The recent crackdown by China on tech companies may likely be advantageous to India as global wealth and funding may come India’s way. With new regulatory frameworks, Chinese tech stocks have collectively seen an erosion of $1.5 trillion. During the August 14-21 week, over $560 billion worth of market value was reportedly erased from the China and Hong Kong exchanges.
The Chinese crackdown
The ongoing clampdown has affected a series of startups, including edtech platforms in China. Chinese firms that tutor online on subjects that are taught in school can reportedly no longer receive foreign investment, according to the new regulatory framework. Also, listed companies in China, reports say, can no longer raise funding through the stock markets to invest in businesses that take up school/classroom subjects for teaching. Further crackdowns have been reported on food delivery platforms, apps streaming music, gaming and bike sharing apps. Public listings of some companies such as Ant Financial and ride-hailing app Didi were put off owing to reviews by the regulators in China.
China has also passed the Personal Information Protection Law, which will be brought into implementation from November 1. The law pertains to rules about enhanced storage of user information and data and conditions according to which firms can gather data. These rules are aimed at protecting data of citizens when such data is moved outside China.
What does it mean for India?
With China being the bigger venture funding recipient than India, any regulatory bottleneck or ban in that country is likely to now benefit India, experts observe. According to data cited in news reports, the value of deals (VC) increased to $7.9 billion in India for the month of July. On the other hand, investments in Chinese firms dropped to under $5 billion.
The China edtech startup market (K-12 grades) is reported to be worth $31 billion, and is reported to be the world’s biggest such edtech market. With the Chinese government cracking the whip on this market and reframing rules, India, which is seeing a growth in the edtech market following the pandemic and the rise of online education is likely to benefit. The Indian edtech startup world has raised $1.9 billion between January and early August alone, reports note. In the whole of 2020, the Indian edtech startups had raised $2.2 billion.
India’s startup ecosystem
India is already the world’s third largest market for startups after the United States and China. As many as 25 fresh unicorns have raised their heads in India thus far in 2021, and over $20.75 billion has been raised in deals between January and August 20, 2021. In 2020, 12 firms had turned unicorns and a little over $11 billion was invested in startups in India. Unicorns are companies that are valued at more than $1 billion.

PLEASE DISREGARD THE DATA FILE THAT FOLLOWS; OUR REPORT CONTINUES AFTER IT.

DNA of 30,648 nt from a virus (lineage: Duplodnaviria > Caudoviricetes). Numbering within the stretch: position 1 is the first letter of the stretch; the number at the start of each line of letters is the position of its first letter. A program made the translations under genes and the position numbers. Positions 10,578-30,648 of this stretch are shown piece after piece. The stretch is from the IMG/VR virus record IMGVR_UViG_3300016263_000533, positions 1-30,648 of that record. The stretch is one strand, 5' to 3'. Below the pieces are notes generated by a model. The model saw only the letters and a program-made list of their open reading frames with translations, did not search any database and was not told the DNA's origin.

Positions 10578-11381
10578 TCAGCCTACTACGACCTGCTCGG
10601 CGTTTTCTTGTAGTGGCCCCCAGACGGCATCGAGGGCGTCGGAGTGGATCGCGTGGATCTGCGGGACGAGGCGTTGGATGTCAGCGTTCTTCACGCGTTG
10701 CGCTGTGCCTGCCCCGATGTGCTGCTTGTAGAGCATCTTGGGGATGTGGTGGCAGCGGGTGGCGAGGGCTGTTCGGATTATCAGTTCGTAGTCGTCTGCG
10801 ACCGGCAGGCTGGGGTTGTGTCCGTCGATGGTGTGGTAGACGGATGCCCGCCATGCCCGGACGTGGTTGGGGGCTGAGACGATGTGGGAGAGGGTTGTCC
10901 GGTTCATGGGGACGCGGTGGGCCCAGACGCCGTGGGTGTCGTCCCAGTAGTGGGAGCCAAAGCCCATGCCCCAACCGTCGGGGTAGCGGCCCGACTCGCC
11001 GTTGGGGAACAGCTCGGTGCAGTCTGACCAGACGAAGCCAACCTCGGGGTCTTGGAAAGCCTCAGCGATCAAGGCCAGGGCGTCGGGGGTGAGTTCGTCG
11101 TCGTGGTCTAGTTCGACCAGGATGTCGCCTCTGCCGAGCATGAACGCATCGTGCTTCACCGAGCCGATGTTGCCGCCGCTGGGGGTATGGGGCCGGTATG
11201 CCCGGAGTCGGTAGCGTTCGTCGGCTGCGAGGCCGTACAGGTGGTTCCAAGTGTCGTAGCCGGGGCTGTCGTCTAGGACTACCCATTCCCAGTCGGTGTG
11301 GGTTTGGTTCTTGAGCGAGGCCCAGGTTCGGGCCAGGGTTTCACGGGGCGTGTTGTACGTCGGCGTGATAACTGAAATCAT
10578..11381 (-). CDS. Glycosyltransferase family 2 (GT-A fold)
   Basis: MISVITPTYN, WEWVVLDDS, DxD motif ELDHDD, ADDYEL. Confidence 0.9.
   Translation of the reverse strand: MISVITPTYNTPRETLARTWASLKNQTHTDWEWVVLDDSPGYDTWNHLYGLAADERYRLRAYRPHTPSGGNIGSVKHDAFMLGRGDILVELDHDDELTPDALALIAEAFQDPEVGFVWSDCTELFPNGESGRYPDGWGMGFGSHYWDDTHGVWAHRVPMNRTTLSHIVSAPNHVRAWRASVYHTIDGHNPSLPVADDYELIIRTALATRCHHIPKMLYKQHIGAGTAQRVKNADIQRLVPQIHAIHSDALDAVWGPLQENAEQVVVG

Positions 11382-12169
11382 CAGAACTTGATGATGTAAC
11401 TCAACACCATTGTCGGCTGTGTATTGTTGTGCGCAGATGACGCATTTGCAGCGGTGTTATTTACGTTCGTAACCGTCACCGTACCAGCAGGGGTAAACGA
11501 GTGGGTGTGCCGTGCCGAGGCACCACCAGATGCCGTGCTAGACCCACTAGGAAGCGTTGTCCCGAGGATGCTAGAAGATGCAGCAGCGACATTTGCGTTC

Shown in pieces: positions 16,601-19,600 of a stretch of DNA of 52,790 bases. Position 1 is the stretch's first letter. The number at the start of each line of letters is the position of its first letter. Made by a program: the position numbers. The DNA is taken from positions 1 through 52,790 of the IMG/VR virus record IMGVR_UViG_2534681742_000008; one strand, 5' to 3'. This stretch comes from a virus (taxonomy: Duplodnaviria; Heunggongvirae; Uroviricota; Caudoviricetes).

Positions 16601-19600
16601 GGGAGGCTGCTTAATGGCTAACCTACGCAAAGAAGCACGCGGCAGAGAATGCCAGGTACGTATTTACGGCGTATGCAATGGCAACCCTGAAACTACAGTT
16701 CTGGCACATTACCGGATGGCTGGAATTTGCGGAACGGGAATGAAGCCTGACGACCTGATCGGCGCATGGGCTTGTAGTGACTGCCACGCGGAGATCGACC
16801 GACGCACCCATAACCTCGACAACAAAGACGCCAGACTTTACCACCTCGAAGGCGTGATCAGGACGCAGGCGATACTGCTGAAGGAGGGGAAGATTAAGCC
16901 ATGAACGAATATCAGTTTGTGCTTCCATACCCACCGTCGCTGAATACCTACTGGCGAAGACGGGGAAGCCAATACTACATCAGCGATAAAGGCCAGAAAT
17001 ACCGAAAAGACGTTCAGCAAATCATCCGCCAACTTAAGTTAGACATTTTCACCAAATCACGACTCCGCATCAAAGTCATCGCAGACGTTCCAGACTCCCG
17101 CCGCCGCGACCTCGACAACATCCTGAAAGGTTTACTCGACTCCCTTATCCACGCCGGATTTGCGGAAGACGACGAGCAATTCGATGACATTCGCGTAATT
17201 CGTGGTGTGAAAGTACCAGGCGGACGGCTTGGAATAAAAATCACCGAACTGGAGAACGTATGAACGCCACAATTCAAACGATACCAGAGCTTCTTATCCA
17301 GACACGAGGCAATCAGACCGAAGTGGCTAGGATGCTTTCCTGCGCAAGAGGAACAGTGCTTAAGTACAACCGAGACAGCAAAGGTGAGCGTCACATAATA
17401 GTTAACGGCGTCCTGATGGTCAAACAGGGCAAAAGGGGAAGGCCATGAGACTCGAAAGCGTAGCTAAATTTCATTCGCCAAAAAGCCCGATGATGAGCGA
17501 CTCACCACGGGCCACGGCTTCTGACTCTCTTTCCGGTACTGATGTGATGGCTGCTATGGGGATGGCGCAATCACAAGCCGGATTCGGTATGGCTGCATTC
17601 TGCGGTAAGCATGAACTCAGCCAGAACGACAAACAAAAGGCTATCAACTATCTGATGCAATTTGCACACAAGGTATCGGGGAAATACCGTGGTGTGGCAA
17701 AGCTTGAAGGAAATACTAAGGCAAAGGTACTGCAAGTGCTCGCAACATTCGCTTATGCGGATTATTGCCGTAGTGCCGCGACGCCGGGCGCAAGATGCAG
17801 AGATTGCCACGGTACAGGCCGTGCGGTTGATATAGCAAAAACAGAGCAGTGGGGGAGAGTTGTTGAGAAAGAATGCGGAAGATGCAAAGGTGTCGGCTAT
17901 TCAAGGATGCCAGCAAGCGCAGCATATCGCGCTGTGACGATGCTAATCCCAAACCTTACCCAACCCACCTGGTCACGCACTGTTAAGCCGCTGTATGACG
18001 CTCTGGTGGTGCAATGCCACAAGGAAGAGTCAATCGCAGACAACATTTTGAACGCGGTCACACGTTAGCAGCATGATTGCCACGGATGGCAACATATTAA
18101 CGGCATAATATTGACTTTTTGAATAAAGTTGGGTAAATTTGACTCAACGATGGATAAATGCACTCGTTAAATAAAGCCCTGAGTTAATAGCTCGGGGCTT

Indian startups, according to news reports, have in the first six months of the calendar year 2021, raised more than $12 billion from private equity (PE) firms and venture capitalists. The high valuations and the increased fundraising has been driven by a huge liquidity surge. Investors, experts note, have entered at even two-fold valuations because the chances of an exit led by IPOs at bigger valuations are turning real. The food delivery startup Zomato’s IPO listing in July has triggered this rush, according to observers.
The IPO boom is further expected to drive greater PE and VC funding to Indian startups, as the startup ecosystem may require both private/VC funding and IPOs to grow. The stock market in India has seen more than 40 IPO listings in 2021; as of August 20, 23 firms have filed their initial documents with SEBI. These include many tech startups such as online insurance marketplace Policybazaar and online cosmetics and beauty products platform Nykaa.
The crackdown by the Chinese government on tech companies, following a series of new regulations, has already eroded $1.5 trillion from tech stocks. This crackdown is expected to benefit the Indian startup ecosystem, which has been experiencing an IPO and VC/PE funding boost this year.
Where does India stand in the global startup ecosystem?
India is the world’s third biggest startup ecosystem, after the United States and China.
Why have Chinese tech stocks lost $1.5 trillion collectively?
New set of rules governing data privacy, gaming and private education platforms among others have resulted in many tech stocks losing billions of US dollars in market value. Chinese tech stocks have lost a collective $1.5 trillion in market value.